As I came into town I was still running happy and couldn’t have been happier to see Becca getting all excited on the side of the finisher’s chute — I promised to pee my pants, just for her! Unfortunately, I wasn’t completely kidding, I’d been scoping out good places to pee for the last hour but refused to let it slow me down on my descent!
The finisher’s chute seemed to go on forever — it was at least 1km long, if not longer. I zigged and zagged through town, chasing Drew and his fancy camera for a while. It was a surreal experience. It was so unlike any ultra finish I’ve ever experienced — I was running on pavement, lined with hundreds of spectators, most of whom were speaking French. Everyone was so excited! It was just plain exciting! I ran across the finish line, happy. I wasn’t completely spent, I wasn’t broken, I wasn’t peeing or puking…I was just plain happy. I ran my own race and everything felt right!
Of course, this was probably unknown to many people at the finish line — I am terrible at finishes! Every race I’ve done the finish is the one part where I am always bad at conveying how I really feel. Mid-race I can explain in great detail how I feel. At the finish, as soon as I’m given permission to leave race-mode, I kick off my shoes and I shut down every race emotion I may have had. I still look back at races and wish I could change how I reacted at the finish, this one is no different — I was much happier than my reaction showed. Race finishes are emotional and raw, I know that…I apparently just don’t share that, ever.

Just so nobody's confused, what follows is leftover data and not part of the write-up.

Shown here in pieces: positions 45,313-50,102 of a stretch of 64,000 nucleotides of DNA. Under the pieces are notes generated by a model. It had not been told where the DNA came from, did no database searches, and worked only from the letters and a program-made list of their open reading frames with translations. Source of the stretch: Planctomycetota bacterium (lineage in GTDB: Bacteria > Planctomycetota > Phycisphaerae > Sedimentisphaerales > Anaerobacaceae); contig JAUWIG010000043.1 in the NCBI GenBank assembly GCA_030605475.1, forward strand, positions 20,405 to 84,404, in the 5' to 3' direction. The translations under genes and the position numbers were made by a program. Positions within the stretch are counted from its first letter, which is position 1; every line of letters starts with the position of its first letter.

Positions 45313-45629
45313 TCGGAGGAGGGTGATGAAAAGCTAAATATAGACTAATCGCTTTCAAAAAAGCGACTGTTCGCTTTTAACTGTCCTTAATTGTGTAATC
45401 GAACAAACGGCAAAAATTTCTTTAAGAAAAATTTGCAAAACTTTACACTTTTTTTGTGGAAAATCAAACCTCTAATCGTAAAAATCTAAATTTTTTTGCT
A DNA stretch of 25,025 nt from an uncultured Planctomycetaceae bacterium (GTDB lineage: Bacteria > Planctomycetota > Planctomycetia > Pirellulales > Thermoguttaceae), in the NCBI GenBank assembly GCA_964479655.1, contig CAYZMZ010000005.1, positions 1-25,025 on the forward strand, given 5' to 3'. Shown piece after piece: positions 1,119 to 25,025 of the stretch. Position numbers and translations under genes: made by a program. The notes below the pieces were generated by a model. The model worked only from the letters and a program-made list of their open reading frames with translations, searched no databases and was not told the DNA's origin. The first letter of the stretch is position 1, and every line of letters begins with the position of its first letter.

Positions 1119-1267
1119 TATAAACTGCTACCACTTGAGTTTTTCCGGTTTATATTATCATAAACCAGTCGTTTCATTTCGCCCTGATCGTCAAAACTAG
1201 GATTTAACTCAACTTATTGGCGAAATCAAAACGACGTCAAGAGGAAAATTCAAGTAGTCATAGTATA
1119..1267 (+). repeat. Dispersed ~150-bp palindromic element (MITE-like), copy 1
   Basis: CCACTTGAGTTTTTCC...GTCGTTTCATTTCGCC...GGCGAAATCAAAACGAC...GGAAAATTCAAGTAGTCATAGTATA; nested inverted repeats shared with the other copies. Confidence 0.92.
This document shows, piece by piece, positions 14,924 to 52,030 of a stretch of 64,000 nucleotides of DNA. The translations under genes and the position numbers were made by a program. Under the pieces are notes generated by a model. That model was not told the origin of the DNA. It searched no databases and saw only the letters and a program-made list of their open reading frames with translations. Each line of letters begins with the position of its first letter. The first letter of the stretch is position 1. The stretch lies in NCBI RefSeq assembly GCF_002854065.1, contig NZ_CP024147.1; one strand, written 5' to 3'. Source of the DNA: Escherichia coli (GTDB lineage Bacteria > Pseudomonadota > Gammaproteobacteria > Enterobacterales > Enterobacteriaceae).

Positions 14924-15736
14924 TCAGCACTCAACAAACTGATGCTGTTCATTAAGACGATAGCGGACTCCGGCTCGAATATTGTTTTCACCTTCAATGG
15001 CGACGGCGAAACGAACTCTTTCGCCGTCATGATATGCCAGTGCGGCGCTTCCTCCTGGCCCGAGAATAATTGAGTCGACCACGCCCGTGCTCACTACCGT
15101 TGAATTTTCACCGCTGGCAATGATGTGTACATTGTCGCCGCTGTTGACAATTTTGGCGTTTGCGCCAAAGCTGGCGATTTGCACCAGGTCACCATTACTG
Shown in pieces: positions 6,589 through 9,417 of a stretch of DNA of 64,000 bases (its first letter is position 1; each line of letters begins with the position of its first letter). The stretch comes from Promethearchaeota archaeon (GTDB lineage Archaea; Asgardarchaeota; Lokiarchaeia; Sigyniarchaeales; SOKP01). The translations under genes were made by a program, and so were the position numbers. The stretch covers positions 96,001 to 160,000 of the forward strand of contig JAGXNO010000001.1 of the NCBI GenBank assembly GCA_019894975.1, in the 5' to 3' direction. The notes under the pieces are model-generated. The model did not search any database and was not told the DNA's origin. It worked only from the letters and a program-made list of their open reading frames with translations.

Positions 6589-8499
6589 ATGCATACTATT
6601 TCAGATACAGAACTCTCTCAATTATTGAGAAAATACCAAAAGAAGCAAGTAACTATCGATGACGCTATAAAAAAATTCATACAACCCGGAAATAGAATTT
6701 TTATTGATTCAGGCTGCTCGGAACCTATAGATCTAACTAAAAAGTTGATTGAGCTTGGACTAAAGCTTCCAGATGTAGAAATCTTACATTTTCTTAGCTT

— photo taken by Daniel around Mile 4, but that is the same silly grin I had plastered on my face for 10 hours! —
As for the race, overall — it was fantastic and I played every card I was dealt very well. Even with “weird” aid station food I managed to keep my nutrition on track and my hydration was spot on. My muscles kept their game face on and each time I stopped to eat in an aid station I gave the legs a little stretching TLC. I was strong on my climbs, always hiking with a purpose. I managed to fancy foot the descents without face planting [the only fall I did have was on mostly flat ground, I’m skilled like that]. I never had a chance to complain and even when I rounded a bend to stare up at more uphill my cursing was half hearted. It was a very, very solid race for me. I am proud of that. If I never race again, I’m happy with this being my final race…it was that good! All the #humblebrags but I’m really proud of how I raced!
My legs did so well on the run I took them out for 4 days of alpine hiking as a reward — they still love me. It’s weird, they like these steep mountain trails, I just need to get my cardiovascular strength + endurance back! Sounds like a great excuse to spend some time in the Alps, amirite?!